Day #1 at Guardian Hack Day #2
Last week The Guardian held a second internal hack day - codename #ghack2. Sadly due to presure of work, and my coding skills being rustier than ever, I didn't get to do a hack myself, but I did contribute a lightning talk, and spent most of the final session videoing the presentations from the front row, so I felt I chipped in a bit.
Hack Day Social
There was an excellent twist to the format with a 'Hack Day Social' on the Monday before.
This was an afternoon session with free beer and nibbles where people were invited to submit ideas for hacks. It was a great chance for people from the design, editorial and commercial departments of The Guardian to put in some hack requests without having to brave the full-on hot-headed techie-driven day itself. As Matt McAlister pointed out in his introductory talk, over 100 ideas were generated in an hour.
To my personal shame the main highlights of the barcamp style introductions was learning the names of colleagues who I should have already known by name, but whom I had gone well past the point of being able to comfortably say "Sorry, I never caught your name properly".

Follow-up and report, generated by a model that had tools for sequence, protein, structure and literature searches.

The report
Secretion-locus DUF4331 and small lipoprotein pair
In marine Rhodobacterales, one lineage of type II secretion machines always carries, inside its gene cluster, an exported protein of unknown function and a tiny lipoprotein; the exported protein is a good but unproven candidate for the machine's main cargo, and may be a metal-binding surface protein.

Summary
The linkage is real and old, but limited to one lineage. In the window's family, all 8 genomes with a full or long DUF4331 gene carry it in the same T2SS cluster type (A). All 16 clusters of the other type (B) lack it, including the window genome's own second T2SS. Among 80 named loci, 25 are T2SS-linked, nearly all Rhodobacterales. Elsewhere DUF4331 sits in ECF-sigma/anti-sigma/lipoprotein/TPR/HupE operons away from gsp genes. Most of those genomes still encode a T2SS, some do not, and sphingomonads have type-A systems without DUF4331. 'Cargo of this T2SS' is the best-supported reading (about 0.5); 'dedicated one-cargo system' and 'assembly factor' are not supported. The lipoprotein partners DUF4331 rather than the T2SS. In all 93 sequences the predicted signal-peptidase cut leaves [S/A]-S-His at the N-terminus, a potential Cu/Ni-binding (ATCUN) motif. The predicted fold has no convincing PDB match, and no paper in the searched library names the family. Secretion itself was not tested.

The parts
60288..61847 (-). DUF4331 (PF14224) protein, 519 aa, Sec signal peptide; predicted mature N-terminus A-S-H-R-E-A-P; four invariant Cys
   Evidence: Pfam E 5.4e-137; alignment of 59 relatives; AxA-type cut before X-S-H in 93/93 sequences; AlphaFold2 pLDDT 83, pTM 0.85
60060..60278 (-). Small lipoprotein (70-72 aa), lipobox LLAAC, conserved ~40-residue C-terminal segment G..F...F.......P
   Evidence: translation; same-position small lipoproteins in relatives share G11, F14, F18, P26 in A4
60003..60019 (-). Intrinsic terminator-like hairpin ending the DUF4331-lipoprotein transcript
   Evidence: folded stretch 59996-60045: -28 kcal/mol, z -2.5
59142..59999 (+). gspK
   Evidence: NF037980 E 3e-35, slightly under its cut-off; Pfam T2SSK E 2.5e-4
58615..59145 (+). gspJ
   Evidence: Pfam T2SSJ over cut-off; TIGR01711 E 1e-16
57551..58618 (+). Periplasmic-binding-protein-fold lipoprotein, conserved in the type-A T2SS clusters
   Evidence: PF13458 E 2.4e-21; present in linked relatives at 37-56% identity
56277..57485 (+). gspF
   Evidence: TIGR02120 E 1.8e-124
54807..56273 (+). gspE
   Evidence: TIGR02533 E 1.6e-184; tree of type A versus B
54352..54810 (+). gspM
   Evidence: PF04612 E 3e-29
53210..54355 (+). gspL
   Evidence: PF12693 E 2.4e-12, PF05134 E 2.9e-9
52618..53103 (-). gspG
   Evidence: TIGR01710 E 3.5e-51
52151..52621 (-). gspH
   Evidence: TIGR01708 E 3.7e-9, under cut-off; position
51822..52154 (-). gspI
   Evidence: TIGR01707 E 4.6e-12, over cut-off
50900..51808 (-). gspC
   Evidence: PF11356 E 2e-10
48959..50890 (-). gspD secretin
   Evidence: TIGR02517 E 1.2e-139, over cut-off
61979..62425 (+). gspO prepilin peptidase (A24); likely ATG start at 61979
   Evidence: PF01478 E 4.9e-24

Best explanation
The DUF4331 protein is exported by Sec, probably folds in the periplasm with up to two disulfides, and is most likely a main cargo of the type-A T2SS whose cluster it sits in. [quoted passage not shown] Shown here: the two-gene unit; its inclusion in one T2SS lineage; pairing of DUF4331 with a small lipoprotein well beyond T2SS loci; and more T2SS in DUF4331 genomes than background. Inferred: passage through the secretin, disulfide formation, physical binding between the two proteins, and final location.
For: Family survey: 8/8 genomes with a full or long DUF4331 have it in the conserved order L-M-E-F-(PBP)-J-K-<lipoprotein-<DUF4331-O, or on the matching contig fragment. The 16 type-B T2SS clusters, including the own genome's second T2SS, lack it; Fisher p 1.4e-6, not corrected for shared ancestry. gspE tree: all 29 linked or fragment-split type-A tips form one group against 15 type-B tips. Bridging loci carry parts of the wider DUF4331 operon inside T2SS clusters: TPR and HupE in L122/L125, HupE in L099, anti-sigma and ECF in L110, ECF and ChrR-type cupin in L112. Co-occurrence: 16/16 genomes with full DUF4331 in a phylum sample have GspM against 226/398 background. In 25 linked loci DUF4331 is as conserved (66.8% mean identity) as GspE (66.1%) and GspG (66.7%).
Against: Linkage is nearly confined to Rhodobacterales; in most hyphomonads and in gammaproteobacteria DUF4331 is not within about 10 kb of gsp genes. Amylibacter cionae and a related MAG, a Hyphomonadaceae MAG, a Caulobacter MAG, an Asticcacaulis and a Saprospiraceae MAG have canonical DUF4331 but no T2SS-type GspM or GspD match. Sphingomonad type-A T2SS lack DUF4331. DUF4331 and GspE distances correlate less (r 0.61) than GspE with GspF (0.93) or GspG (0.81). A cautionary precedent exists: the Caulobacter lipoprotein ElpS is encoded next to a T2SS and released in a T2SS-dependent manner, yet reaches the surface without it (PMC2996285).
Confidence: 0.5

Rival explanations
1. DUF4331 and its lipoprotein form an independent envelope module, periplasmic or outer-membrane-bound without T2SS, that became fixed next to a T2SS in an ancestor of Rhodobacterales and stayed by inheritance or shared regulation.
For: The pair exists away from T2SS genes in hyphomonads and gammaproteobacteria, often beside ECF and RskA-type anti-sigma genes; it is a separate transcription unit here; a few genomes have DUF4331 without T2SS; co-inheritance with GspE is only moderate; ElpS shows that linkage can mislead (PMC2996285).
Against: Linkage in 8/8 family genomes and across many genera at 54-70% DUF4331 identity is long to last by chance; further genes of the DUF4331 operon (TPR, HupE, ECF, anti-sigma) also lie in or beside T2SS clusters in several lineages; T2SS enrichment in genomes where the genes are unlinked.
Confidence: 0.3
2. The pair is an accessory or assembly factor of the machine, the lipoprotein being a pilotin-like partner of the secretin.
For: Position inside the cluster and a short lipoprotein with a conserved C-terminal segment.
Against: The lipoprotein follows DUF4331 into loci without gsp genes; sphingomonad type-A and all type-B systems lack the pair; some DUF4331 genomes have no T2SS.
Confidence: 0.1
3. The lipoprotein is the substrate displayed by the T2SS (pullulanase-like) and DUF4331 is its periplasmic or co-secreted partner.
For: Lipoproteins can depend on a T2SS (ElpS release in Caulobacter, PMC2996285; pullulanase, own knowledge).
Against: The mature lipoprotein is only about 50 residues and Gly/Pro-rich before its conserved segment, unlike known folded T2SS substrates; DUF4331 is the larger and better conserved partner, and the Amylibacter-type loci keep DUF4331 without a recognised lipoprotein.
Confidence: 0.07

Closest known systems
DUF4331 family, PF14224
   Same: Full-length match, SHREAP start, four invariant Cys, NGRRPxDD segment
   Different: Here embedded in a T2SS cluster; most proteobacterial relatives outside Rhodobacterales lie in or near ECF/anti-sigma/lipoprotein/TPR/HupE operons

I think my favourite non-technical skills offered during the introduction round were 'spelling and punctuation', 'putting adverts on it', 'putting a joke in it' and 'knowing people'.
The day started with a series of five minute lightning talks. Unfortunately I had other commitments in the building, and so could only stay just long enough to deliver my own talk about "Graceful Hacks". I did get to see Simon Rogers talking about the Datablog and Simon Jeffery talking about The Guardian's curation of a list of those who have died and disappeared during the recent unrest in Iran. It was a real shame to have to miss the rest, particularly talks from Google and Alexandra Deschamps-Sonsino. Julia Bellis was talking about hacking for non-developers, and she has written her talk up for the Inside Guardian blog.
Open plan hack day
For the first Guardian Hack Day, we used one entire floor of the Herbal Hill building, giving the day a bit of a bunker mentality. It must have been very intimidating to walk into the room. In Kings Place, however, we all work in open spaces, and so I think this meant it was much easier for non-technical members of staff to wander over and join in, or just poke their noses in to see what was happening. I thought it contributed to a very relaxed atmosphere around the Hack Day. As did beer and pizza.
Tomorrow I'll have a round-up of some of my favourite hacks that emerged from the event.